The first step is called Data Acquisition. How to catch all these events and distinguish one among others?
As a matter of fact, if we log every click, scroll movement or keystroke ; we will get a bunch of pointless events (with a dataset the values of which may differ). To provide meaning to these user interactions and distinguish an event among all his friends, we need to assign it a unique generated name (an identifier).
I’ve adopted the cascading naming for every click so that it aims a specific element on the UI. Each dasherized part refers to a block of content. For instance:
In the dataset, we will be aware of which item has been deleted from the basket.
DISABLE is an indicator for the button state
Similarly, we can handle keystrokes with
KeyDown-Enter event names.
For now, what did we get? Well, we are able to track every user actions: clicks, scroll, keystrokes and the visited pages. We can also provide a context to these hits thanks to a dataset. This a large dataset, which is the union of the relevant properties of all events. Nevertheless, such an event is like anonymous because it’s just an unreadable name (as mentioned right above) with an unusable dataset. Thus, that’s where Data qualification phase sits in.
The Data Qualification phase allows to give a relevant name to the event. This name has an important role: it makes the difference between a pointless event and a recognized one. A recognized event will be used later in a third-party tracking platform to draw charts, funnels and many other visual tools that help to improve prospect insights.
To achieve this name allocation, a list populating all the relevant events must be maintained as much as the app evolves. In this list, an identifier is matched with the readable name and optionally static properties that can be added to the payload.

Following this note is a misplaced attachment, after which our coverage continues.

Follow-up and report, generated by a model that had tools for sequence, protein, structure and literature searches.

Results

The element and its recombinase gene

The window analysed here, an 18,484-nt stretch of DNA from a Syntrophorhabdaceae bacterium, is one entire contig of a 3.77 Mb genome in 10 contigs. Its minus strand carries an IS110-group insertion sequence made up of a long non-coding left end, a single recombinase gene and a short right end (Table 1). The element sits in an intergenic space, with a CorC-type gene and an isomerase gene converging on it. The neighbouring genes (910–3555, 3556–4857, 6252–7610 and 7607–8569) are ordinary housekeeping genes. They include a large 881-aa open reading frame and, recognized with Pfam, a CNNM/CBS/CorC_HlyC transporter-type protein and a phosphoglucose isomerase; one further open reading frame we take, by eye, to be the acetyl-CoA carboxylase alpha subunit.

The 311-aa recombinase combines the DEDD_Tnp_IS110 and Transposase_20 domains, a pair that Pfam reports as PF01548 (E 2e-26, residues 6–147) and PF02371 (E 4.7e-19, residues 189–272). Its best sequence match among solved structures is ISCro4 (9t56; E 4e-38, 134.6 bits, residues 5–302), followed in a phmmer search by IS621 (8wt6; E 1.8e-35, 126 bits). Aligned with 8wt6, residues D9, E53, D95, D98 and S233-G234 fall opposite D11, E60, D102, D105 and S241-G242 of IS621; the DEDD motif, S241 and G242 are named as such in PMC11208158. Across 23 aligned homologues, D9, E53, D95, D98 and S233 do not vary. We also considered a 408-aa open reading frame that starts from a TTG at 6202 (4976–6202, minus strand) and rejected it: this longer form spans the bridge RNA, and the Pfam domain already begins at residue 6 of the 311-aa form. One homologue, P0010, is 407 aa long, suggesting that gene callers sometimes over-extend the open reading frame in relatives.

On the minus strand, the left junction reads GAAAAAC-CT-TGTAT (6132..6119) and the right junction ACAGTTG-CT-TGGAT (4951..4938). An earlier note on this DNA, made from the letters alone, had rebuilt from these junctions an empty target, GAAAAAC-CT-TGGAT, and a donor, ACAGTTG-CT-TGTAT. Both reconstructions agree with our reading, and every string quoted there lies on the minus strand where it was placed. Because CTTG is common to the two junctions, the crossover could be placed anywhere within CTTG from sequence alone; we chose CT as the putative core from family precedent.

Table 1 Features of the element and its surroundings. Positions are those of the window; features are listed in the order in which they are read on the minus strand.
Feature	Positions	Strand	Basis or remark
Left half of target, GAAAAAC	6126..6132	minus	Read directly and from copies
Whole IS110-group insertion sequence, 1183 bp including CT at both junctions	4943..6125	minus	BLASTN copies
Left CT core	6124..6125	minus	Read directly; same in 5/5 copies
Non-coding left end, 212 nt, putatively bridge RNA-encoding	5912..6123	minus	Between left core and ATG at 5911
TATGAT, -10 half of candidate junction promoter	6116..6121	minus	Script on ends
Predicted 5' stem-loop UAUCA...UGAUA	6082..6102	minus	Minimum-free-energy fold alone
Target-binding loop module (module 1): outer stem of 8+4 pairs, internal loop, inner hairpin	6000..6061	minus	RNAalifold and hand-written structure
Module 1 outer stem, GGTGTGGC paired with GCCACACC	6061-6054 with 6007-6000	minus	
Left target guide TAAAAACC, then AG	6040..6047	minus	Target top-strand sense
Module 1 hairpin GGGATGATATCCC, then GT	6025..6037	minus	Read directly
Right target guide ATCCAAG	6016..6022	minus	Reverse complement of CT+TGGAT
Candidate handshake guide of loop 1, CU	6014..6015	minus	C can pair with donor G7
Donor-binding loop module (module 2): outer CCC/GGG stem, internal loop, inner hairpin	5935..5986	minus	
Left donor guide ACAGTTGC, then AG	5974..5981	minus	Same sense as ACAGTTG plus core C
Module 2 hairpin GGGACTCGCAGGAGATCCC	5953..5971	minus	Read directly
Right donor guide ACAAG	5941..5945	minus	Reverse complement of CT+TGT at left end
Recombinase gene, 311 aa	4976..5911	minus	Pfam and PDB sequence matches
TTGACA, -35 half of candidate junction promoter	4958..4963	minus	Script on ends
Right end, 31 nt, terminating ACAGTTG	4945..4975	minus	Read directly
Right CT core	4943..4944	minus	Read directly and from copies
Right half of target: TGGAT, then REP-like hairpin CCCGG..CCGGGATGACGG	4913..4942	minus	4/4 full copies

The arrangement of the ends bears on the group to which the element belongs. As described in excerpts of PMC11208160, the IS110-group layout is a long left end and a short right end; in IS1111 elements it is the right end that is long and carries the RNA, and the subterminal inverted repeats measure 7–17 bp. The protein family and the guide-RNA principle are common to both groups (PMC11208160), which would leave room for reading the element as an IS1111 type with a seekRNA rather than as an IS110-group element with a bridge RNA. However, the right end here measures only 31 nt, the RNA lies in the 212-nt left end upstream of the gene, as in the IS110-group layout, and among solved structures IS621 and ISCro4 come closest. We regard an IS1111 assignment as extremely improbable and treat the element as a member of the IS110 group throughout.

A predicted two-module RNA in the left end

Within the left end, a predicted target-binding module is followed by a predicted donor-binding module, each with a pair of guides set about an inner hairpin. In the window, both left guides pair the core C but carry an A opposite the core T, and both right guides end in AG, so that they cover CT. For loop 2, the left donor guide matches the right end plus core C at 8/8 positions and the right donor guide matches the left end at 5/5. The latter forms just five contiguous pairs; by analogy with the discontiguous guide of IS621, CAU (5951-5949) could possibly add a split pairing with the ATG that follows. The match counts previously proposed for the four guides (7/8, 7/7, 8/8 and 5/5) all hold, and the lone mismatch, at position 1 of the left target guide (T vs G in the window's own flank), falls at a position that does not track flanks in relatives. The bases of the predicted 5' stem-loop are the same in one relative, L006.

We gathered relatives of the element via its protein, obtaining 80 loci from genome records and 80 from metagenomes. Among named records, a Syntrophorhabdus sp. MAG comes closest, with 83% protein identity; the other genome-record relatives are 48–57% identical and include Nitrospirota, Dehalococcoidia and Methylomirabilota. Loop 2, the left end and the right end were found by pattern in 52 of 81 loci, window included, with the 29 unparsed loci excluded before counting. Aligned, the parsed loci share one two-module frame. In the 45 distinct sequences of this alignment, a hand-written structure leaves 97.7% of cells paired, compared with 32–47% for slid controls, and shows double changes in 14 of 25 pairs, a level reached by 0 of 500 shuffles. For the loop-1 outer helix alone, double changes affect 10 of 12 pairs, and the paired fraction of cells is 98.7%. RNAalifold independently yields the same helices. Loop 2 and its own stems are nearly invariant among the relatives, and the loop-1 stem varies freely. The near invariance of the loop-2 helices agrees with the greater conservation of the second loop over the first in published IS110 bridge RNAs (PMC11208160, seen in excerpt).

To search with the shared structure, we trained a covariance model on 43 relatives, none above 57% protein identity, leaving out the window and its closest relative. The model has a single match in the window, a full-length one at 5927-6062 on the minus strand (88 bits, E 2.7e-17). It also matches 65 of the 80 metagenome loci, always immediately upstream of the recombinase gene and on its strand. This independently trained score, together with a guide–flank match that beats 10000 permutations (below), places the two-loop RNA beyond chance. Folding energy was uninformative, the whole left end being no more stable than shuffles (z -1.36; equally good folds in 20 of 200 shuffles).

You can find right below a technical schema of the percolation solution with the 2 phases:
As mentioned before, in the first step (bottom part), we get has much data as possible. Then, in the Data Qualification phase, if the event is relevant (meaning it is found in recognized events list), we qualify this event: giving it a relevant name + extra properties.
Let’s see now the pros and cons of the solution:
- An exhaustive tracking: since we track every user actions
- History: once an event becomes relevant, it is stored as a recognized event (table in Tracking Middleware in the image above)
- Evolutive : new events or new data sources can be easily added
- Long implementation at the beginning: it requires some works first and then discipline when the product is maintained or evolved
- Defining all relevant events can be annoying at the very first time
How to maintain such a solution?
Well, it’s not that complicated: tech and product need to communicate.
As the product team specifies the new features or the current bug ; they must update the tracking with the event name and the additional static properties related to this event.
Then, tech people must update the events list (snippet in Data Qualification section) and the related template which will provide the identifier.
For further (technical) details, a dedicated article will be provided soon…